As science and technology gave reasoning and doubt to the western societies, they overturned the hierarchical system hoping that by giving more individual freedom to each person they will achieve happiness as a whole. Worker's Unions (late 1800's) T.Roosevelt: Progressivism (1902-1913) Credit Unions (early 1900's) World War I (1914-1918) "The total cost of World War I to the United States (was) approximately $32 billion, or 52 percent of gross national product at the time." The war created major economic boom for the USA via international trade of goods and weapons Civil War in the USSR (1918-1920) Civil war broke out between the "white" and "red" parties of the Soviet Union.
The "red" communist party/Bolsheviks brought fear along with its unified political vision of an extreme collectivist society when it signed the peace treaty with Germany to end the nation's involvement in the war. WWI Lead to US Consumer Peak (1920's) World export of goods gave boom to US economy during the WWI
Even after the first world war there was little unemployment due to the large demand of goods from a recovering Europe.
Rising middle class - consumers
Consumerism allowed technology to exponentially increase standard of living
Changing social values: individual rights was recognized more [woman gains right to suffrage (1918), and the Indian Citizenship Act (1924)] Innovation US innovation and economic success set the newly improvised capitalism of late classic liberal ideals as the world's model of how society should be. 1st Red Scare (1917-1920) Isolationism in America US in the 1920's was perceived as a nation of economic prosperity, who was eager to distance itself from the rest of the world. It advocated the ideal of the equality of opportunity rather than circumstance, and that everyone had a chance, but only those who deserve it would achieve it. The American Deam Relevant Event:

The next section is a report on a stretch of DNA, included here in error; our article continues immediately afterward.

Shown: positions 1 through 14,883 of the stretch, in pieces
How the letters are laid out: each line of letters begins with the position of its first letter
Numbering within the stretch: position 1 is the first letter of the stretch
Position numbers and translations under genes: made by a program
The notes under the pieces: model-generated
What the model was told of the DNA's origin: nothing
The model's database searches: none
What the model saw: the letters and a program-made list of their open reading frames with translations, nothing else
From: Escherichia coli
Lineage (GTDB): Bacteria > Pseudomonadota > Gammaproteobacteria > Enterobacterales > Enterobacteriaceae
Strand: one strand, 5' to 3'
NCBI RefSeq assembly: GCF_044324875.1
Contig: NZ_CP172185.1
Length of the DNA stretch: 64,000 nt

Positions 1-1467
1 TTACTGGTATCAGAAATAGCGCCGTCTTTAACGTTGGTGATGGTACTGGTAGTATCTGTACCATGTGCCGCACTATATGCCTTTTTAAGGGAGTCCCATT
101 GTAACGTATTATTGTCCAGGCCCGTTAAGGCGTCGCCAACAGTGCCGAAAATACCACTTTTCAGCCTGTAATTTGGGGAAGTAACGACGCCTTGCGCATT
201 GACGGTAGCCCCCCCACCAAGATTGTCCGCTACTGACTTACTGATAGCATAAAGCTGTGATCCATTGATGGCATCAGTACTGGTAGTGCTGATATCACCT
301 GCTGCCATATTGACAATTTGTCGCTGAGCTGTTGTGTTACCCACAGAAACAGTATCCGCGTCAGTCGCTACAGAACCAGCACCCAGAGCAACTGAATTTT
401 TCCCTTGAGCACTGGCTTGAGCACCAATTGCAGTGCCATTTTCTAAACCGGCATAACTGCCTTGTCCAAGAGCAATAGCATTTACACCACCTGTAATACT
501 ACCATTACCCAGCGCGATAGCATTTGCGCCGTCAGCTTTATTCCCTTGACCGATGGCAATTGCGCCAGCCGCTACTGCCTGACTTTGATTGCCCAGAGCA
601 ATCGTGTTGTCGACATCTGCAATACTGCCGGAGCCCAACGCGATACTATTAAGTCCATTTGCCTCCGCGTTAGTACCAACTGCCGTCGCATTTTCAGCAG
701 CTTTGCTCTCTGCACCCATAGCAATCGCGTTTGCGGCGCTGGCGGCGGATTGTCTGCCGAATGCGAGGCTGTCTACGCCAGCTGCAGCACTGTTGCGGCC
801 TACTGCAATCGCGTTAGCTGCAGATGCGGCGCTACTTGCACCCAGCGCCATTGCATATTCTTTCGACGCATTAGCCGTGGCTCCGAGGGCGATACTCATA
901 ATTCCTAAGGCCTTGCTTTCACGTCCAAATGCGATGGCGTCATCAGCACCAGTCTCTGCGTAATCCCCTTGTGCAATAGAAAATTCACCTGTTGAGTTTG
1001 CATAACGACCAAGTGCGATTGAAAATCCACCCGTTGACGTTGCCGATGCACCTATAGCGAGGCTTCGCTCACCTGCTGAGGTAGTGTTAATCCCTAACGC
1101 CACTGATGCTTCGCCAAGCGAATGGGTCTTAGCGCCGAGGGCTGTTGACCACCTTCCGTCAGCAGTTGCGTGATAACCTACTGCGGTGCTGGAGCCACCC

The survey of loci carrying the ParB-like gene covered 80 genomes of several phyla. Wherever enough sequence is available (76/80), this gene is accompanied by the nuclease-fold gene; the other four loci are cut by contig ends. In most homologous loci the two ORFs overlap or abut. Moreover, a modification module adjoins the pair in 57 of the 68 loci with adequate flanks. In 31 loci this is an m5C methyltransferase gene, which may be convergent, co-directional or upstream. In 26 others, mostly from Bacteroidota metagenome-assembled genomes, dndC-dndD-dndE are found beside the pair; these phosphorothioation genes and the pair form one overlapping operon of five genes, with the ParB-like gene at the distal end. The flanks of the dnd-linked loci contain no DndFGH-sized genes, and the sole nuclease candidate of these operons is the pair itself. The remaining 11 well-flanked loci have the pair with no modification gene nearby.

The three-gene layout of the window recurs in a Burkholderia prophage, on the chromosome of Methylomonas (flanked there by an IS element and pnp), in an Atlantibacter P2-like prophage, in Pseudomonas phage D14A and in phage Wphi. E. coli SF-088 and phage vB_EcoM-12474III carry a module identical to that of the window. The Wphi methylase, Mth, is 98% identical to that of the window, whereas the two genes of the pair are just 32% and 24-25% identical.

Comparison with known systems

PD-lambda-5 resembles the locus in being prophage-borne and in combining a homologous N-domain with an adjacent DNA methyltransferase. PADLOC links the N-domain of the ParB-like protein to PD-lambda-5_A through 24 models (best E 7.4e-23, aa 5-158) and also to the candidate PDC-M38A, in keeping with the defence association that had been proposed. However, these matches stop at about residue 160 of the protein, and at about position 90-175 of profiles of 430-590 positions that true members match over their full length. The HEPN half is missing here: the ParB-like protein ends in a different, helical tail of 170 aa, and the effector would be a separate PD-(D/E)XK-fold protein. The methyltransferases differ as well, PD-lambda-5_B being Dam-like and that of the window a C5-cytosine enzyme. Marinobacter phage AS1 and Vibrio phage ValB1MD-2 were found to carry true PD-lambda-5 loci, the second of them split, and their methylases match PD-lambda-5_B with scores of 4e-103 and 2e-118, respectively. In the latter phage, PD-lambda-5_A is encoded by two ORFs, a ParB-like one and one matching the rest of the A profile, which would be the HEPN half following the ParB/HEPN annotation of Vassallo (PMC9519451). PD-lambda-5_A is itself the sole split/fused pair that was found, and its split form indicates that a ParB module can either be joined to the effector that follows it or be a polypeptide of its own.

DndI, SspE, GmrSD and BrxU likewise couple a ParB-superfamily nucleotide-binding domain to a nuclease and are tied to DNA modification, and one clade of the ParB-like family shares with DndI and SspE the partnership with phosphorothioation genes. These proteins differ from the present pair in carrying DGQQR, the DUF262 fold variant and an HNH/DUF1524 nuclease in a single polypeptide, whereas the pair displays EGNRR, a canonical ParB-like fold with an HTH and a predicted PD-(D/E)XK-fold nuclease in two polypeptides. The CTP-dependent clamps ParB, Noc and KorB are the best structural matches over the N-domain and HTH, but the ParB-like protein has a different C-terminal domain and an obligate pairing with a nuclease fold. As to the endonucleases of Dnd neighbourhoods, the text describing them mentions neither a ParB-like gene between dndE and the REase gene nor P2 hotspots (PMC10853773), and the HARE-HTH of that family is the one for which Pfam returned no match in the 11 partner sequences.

Germany's Inflation Peak (1923) After WWI, Germany is at great financial loss for its forced reparation in the treaty of Versailles and other series of events involving the loss of Ruhr to France.
Hyperinflation quickly set in, where price rose quicker than people could spend their money. Stock Market Crash (1929) Great Depression (1930+) Keynsian Economics FDR's "New Deal" (1933) Agricultural Adjustment Act (1933) - government directly involved in the production and distribution of food. Farmers are paid to grow less food, reducing outputs thus effectively raising the prices of food. The "New Deal" Package: SEC/Securities and Exchange Commission - regulated publicly traded stocks to ensure there was no one taking advantage of the system.